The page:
South Korea is moving to involve major countries, including the US and China, to ease tension with North Korea, local media reported on Thursday.
Speaking at the National Assembly, the country’s Unification Minister Young-se said Seoul would continue its efforts to create a condition for North Korea to accept the economic incentives offer made by South Korean President Yoon Suk-yeol a few days ago.
"The government plans to send more specific messages to the North, going forward, and have related consultations with such other major countries concerned as the United States and China," Yonhap News Agency quoted Young as saying.
On Monday, Yoon offered economic incentives to North Korea in return for denuclearization, saying Pyongyang's denuclearization is "essential" for peace in the region.
On Tuesday, South Korea urged the North to respond to President Yoon’s offer.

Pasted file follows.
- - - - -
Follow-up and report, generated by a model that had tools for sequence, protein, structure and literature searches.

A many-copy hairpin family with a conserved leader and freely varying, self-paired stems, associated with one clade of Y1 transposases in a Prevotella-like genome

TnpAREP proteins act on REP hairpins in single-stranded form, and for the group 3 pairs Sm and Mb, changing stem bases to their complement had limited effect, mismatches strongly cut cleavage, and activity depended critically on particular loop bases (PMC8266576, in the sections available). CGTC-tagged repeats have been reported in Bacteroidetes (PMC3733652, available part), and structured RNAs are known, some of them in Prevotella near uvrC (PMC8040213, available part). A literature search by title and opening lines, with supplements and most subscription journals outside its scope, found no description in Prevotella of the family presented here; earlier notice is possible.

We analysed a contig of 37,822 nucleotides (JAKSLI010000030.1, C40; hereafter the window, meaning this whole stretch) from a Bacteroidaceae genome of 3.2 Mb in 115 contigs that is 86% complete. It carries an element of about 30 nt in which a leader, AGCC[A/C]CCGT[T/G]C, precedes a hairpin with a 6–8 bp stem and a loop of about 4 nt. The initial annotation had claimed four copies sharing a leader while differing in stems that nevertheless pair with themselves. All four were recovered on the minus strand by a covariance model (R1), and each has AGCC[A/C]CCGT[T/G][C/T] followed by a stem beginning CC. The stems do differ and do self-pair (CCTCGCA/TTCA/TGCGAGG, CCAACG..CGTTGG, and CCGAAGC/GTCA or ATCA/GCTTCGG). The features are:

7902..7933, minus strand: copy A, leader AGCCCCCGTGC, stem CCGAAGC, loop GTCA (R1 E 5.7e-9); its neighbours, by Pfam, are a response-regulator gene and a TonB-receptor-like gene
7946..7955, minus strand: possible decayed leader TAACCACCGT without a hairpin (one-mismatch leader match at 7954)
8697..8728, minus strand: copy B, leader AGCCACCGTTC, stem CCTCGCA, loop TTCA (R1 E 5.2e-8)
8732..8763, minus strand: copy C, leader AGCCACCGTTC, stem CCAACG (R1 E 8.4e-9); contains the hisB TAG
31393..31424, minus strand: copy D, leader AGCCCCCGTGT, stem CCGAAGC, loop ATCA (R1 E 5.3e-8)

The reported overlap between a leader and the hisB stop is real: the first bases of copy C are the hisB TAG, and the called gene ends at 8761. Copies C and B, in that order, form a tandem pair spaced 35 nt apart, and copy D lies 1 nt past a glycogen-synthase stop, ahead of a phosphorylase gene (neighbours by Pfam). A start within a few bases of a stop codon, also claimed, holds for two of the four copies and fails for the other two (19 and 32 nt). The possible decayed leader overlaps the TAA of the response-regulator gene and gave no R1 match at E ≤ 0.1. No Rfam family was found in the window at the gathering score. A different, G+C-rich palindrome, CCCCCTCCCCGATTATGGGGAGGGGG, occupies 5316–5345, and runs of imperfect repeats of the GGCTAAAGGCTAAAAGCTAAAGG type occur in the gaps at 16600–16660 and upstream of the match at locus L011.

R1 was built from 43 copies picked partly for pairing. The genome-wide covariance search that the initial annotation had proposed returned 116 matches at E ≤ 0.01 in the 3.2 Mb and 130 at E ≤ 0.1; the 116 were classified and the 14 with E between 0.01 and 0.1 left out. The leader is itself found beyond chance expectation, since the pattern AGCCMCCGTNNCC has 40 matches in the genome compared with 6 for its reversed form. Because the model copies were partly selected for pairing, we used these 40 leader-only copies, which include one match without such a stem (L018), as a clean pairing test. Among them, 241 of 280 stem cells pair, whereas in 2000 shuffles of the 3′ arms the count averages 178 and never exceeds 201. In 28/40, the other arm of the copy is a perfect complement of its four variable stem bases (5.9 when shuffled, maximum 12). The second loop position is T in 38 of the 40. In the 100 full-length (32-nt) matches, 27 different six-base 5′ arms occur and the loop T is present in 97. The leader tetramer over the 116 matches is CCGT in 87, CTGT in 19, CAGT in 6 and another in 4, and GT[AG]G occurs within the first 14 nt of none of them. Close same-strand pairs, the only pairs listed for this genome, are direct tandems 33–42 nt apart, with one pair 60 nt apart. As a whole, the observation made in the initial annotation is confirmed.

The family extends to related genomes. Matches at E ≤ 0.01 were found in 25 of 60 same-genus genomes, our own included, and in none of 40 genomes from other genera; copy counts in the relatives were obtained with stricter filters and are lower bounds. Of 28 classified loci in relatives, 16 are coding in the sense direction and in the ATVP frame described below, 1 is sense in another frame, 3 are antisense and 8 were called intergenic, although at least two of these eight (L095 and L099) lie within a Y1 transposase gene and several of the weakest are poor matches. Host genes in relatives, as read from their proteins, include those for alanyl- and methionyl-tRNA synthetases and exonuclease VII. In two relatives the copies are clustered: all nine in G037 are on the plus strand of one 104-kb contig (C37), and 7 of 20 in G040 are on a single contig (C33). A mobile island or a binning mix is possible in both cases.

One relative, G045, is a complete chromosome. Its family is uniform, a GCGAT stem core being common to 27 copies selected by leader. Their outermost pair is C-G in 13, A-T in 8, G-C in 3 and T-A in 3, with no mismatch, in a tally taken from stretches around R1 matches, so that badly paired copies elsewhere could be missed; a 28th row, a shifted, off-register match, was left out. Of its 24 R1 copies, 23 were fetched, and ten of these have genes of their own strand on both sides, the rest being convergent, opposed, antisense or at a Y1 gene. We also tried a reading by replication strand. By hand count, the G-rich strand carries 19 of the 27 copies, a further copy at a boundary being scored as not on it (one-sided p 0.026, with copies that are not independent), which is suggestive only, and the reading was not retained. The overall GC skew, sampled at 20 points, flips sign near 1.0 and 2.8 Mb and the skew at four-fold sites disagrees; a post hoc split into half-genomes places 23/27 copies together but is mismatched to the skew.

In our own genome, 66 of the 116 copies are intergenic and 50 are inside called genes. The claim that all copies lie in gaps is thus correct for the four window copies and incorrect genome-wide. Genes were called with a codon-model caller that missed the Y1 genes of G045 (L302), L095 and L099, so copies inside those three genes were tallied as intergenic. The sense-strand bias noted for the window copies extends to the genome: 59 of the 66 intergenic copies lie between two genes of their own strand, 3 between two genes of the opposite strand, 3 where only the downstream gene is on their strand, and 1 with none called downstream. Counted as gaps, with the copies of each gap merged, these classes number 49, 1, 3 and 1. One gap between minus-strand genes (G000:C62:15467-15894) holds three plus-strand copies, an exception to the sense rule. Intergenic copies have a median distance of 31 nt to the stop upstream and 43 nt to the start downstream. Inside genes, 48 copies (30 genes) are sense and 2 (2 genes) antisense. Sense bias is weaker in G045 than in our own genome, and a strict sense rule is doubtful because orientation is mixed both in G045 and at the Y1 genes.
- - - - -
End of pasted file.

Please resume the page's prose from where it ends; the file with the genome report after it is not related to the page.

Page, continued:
But a day after, instead of responding to the offer, Pyongyang test-fired two cruise missiles toward the Yellow Sea.
Tension on the peninsula rose in 2020 when North Korea attacked and blew up the inter-Korean liaison office along the border. Seoul has threatened a strong response if Pyongyang "further worsens the situation."
However, tensions soared further last year when both Seoul and Pyongyang ramped up military drills to show off their might.
The US and South Korea have made repeated offers of dialogue with North Korea in order to defuse current tensions on the peninsula, but it has yet to respond.